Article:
ALA can benefit dry eye syndrome

By staff reporter

- Last updated on GMT

Related tags: Fatty acid, Linoleic acid

Topically applying alpha-linolenic acid (ALA) can ease the symptoms
of dry-eye syndrome, according to American researchers.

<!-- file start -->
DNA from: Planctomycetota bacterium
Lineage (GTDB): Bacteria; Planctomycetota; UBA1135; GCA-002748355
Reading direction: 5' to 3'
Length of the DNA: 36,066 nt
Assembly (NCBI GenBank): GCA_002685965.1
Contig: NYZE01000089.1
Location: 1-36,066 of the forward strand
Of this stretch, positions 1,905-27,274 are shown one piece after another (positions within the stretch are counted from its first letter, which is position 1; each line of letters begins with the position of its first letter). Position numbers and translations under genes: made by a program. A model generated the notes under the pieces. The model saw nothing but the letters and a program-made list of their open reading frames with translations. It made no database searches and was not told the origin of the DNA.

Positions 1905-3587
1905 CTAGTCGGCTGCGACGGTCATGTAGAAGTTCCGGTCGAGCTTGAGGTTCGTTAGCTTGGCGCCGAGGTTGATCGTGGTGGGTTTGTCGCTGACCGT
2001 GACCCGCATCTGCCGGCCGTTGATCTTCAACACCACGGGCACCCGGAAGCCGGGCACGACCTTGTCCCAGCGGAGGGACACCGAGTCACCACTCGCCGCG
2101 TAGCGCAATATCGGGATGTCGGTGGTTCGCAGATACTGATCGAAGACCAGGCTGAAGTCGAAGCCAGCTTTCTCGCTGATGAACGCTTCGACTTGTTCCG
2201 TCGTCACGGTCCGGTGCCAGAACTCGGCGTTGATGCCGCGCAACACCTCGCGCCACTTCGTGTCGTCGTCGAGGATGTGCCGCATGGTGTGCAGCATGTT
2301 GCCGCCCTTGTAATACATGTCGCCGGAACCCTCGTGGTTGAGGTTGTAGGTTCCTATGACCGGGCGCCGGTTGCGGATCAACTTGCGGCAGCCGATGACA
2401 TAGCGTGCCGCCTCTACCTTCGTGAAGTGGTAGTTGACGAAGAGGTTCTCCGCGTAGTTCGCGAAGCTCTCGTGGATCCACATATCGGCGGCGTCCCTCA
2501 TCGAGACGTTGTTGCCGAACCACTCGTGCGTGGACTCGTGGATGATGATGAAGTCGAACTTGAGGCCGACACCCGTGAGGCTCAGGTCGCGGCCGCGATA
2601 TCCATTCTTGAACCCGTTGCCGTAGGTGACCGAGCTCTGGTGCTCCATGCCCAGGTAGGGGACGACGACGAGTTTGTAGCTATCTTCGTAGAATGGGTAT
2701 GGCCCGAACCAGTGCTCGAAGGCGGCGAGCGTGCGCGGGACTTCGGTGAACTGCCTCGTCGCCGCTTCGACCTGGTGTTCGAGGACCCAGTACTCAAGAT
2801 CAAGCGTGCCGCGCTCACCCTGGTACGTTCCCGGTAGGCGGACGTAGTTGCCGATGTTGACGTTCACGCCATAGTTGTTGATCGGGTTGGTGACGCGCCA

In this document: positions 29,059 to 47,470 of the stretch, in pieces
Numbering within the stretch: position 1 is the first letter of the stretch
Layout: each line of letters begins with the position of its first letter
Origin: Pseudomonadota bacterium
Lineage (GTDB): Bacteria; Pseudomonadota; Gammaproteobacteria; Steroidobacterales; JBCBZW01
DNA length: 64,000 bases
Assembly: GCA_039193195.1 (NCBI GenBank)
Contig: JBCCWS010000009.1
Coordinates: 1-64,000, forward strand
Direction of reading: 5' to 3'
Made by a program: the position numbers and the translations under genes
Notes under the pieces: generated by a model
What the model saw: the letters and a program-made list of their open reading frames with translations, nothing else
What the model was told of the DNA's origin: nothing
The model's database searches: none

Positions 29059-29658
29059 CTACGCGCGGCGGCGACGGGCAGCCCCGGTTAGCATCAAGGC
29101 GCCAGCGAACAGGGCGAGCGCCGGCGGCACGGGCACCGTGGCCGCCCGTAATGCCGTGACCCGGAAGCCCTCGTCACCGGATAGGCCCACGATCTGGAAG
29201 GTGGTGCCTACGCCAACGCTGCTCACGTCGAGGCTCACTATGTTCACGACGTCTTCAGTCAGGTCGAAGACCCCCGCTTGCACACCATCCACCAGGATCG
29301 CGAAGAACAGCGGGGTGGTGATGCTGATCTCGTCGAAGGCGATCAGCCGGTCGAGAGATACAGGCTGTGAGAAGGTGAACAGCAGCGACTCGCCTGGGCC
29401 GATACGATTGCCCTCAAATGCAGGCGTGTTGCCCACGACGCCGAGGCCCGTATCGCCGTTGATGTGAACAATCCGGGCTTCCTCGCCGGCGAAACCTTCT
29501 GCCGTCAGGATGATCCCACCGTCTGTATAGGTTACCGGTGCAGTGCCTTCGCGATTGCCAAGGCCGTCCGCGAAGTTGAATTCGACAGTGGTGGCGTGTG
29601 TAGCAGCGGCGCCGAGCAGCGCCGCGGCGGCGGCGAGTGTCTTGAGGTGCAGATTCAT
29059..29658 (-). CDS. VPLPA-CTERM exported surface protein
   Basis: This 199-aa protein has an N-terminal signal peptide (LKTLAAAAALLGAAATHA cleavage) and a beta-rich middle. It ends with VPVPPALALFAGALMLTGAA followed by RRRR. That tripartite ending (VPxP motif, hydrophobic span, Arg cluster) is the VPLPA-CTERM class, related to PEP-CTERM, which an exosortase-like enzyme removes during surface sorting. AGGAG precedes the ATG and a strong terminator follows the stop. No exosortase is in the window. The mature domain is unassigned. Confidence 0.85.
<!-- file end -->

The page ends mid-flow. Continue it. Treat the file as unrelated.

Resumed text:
Dry-eye syndrome causes distress to the eyes, damage to the cornea and insufficient tear flow and affects about 10 million Americans who are mostly women. It occurs more often among people with a history of arthritis, gout, diabetes, thyroid disease and smoking. The researchers, Saadia Rashid at the Schepens Eye Research Institute in Boston, Massachusetts, and Professor Reza Dana, the director of the Massachusetts Eye and Ear Infirmary Cornea Service, found the application of ALA drops led to a reduction in the symptoms of dry eye syndrome in mice. "The current study for the first time demonstrates the benefit of topical application of a particular fatty acid in treating the signs of dry eye syndrome at both the molecular and cellular levels,"​ said Dr Dana. "Using topical formulations of fatty acids to treat dry eye would allow for more flexibility for treatment, including lessening side effects that patients can experience from oral intake of fatty acids. Clinical studies with topical fatty acids are being planned, which if successful could alter the method by which this common condition is treated." ​ ALA is a long-chain omega-3 fatty acid traditionally associated with heart health benefits. It cannot be made in the body and is commonly found in canola, flax, soy, perilla, and walnut oils. The study, published in the February issue of the Archives of Ophthalmology​, tested three formulations of fatty acids: 0.2 per cent ALA; 0.2 per cent linoleic acid (an omega-6 fatty acid) and 0.1 percent alpha-linolenic acid combined with 0.1 percent linoleic acid. One of the three formulations was applied to the eyes of mice for ten days with measurements taken every 24 hours. A control group received no drops. ALAbenefits ​Those treated with the pure ALA showed a 45 per cent less corneal damage than untreated eyes and those treated with linoleic acid after five days. Those treated with the combination dose also showed significant reduction in symptoms. By day 10, those mice receiving ALA showed a 71 per cent improvement compared with the untreated and linoleic acid-treated group. However the mice receiving the combination treatment had their earlier gains reversed. Overall, treatment with ALA significantly reduced the number of immune cells derived from monocytes and macrophages on average 40 per cent in both the centre and periphery of dry eye corneas, compared with controls and other treatment groups. The researchers found expression of the pro-inflammatory mediators IL-1a and TNF-a in the corneas exhibiting dry eye syndrome showed slight increases in IL-1a production from day two to day 10, but large and significant increases in TNF-a production by days five and 10, compared with baseline and day two. The cytokines IL-2, IL-6 and IL-10 were not detected in dry eye corneas. In contrast, the conjunctiva - the lining of the eyelid and eyeball excluding the cornea - showed significantly increased cytokine expression in dry eye syndrome, with increases varying from 5-fold for IL-2 to 98-fold for IL-10 by 10 days. Treatment with ALA, but not with any other fatty acid, resulted in a significant decrease in IL-1a at day 10 and TNF-a at day five. Source ​Topical omega-3 and omega-6 fatty acids for treatment of dry eye. Archives of Ophthalmology ​2008;126:219-225 Authors: Rashid S, Jin Y, Ecoiffier T, Barabino S, Schaumberg DA, Dana MR.

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